Thank you so much for having me, K D. I love reading about the “Story Behind the Story” of your other guests here, because I find the creative process so fascinating. I’m celebrating the ebook release of my novel, Amorous Woman, which was inspired by my own experiences as a foreigner living in Kyoto back in the 1980s. A few years ago, I had the opportunity to return to Japan with my family and take photographs of the settings that played an important role in the book. I was surprised at how many memories came flying back from just walking under the cherry blossoms at a picturesque temple or savoring a handmade rice-flour-and-bean-paste cake. Yet perhaps it isn’t at all surprising that the sights, sounds, scents, and sensations of a new culture made such a deep impression on me. Like my protagonist, Lydia, I too had a love affair with this fascinating country.
After nine years living in Japan, Lydia Evans Yoshikawa is ready to renounce past indulgences: frolicking with a stranger in a hot spring bath, miming sex acts at a year-end banquet play, accepting money for sex. She decides to take as her model the heroine of Ihara Saikaku’s seventeenth-century erotic classic, The Life of an Amorous Woman, who ended her lusty career as a nun in a mountain hermitage. Ironically, just like the original Amorous Woman, she finds herself in the company of two attractive young men who convince her to tell them the story of her scandalous life.
Lydia recalls the beginning of her love affair with Japan in “A Dancing Girl of Easy Virtue,” where an entire year “folds in on itself like a dancer’s fan, leaving one perfect day in high summer.” This ideal day begins in her futon in the company of a handsome and willing college student, continues with a flirtation on a bus with a brawny American tourist and ends in an exclusive restaurant in the pleasure quarters of Gion, where Lydia falls in love with an elegant older man over a kaiseki dinner.
Gion is indeed much the same as it was then. Teenage maiko still glide down the lantern-lit streets in their colorful kimono.
Chimoto, the restaurant where Lydia enjoyed a dinner of seduction, is still in business — no surprise as it’s been around since 1718. Back in 1984, I parted the curtains and went inside for a nine-course meal of summer delicacies as the guest of a courtly dentist. This time I only glimpsed inside to be met with a curious glance from a passing waitress.
Later Lydia meets and marries a handsome Japanese salaryman but his dedication to his career sours the initial chemistry between them. In “The Lusts of Learned Men,” she meets a new erotic playmate: a fellow teacher at a women’s junior college. After work, they regularly slip away to that convenient Japanese institution, the love hotel. Here’s a sign for a couple’s hotel in Gion, called “For that Reason….”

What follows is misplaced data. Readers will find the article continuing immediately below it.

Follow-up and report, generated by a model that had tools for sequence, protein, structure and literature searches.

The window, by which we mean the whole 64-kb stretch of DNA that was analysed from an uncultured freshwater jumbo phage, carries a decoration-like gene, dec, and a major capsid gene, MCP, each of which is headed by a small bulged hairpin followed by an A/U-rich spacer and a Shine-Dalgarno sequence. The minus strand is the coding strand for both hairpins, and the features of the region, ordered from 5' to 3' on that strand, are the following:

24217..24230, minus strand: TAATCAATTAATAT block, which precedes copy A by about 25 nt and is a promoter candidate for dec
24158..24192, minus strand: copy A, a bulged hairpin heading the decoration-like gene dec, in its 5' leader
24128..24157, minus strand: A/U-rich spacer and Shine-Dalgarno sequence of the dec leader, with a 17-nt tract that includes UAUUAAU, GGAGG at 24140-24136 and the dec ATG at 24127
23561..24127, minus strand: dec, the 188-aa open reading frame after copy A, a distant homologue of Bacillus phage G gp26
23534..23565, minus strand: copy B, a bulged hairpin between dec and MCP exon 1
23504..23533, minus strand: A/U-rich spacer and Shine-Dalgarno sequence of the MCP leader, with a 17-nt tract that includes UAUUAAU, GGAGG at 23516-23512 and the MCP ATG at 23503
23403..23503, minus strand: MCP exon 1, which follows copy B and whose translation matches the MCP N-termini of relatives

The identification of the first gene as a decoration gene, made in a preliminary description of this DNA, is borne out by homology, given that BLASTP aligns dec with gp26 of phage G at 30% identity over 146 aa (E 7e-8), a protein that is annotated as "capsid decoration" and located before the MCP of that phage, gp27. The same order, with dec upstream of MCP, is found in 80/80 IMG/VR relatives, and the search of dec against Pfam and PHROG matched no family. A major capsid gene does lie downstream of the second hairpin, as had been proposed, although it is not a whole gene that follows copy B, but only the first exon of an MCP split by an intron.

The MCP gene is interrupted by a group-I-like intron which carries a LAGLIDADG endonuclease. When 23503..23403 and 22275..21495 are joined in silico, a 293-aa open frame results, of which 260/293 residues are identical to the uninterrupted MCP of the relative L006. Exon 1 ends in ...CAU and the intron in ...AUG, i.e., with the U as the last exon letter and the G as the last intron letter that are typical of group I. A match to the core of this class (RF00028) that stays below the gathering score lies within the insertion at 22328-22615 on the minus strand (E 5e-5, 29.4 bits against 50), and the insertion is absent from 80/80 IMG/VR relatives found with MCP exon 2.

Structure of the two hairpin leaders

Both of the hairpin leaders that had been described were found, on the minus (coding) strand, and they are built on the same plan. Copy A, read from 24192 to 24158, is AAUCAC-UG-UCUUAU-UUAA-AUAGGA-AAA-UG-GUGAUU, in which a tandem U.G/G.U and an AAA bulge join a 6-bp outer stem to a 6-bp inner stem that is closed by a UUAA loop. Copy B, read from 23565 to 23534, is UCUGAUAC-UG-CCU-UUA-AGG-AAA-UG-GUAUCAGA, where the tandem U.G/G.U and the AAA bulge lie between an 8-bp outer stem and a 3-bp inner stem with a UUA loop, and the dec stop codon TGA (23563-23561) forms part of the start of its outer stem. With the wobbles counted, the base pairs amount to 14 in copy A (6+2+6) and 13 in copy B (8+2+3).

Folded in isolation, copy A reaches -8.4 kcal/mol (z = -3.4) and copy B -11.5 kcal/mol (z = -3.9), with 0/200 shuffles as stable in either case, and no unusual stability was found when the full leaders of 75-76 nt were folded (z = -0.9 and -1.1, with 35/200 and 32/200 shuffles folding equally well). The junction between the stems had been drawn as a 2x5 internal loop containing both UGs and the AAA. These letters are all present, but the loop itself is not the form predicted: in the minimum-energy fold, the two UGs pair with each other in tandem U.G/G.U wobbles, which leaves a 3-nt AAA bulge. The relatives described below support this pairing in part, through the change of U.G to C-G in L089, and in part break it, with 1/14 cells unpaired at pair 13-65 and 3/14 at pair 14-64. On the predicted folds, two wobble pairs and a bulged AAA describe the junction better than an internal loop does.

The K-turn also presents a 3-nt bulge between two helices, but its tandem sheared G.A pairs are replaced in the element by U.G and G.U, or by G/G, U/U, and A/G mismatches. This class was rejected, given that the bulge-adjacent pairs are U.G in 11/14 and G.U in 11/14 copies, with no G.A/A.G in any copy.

You’re supposed to supply your own reason to your spouse, but even if you don’t read Japanese, you can see from the sign that there are two options: an all-night stay for 7800 yen ($78) or a “rest” of a few hours starting at 2900 yen.
The floating world, that’s what they call it in Japan, the neon-lit world of dreams and desire and sex with people you aren’t married to, all rolled up together. It really did seem like I was floating that autumn, my feet hardly touching the sidewalk as Matt and I hurried along the narrow streets to the love hotel of our choice, at a different stop along the Hankyu line, every Tuesday and Thursday at dusk.
I quickly discovered that Matt liked me to tie him up. S&M games were popular in Japan — after all, Matt remarked, they even have a whole verb tense called the “suffering passive”–so the dungeon room was often taken when we arrived after our classes. But almost every room had handcuffs and tethers tucked in the nightstand and hooks at each corner of the bed for bad boys to get their just punishment.
Her affair with her American colleague convinces Lydia monogamy is not for her. As “The Fair Concubine of a Provincial Lord,” she trades the role of wife for that of hostess in an exclusive Gion club. There she meets the urbane Kimura. With an uncanny knack for intuiting her desires, Kimura invites Lydia to the historic town of Tsumago so she can indulge her fantasies of old Japan. Lydia and her patron enjoy strolling down the quiet streets and take a room in the town’s finest inn, where they first make love.
For the appetizer, Kimura liked to caress me slowly, pausing now and then, as if his fingertips were listening to my flesh whisper its secrets. He put the messages to good use. On our first night together in Tsumago, he found out my left nipple was more sensitive and that quick flicks along the right side of my clit were just the trick to send me over the edge. In the discreet inn in Higashiyama, he learned how I mewed when he drew circles in the soft crease of my elbow, and shivered in delight when he stroked my shoulder and pinched my nipple at the same time. Later, he grew bolder. He liked me noisy then, coaxing out a melody of sighs when he spanked me lightly on my vulva, then soothed my burning clit with a gentle stroking.
This is just a sampling of Lydia’s erotic adventures. Of course, she was in many ways much bolder than I was, but it was a pleasure to be able to weave my own vivid sensual memories into my novel. These memories and images are, indeed, the Storey behind my story.
Donna George Storey’s adults-only tales have appeared in over 150 journals and anthologies including Penthouse, Best Women’s Erotica, The Mammoth Book of Erotica Presents the Best of Donna George Storey, and Best Erotic Romance.
Amorous Woman Book Trailer
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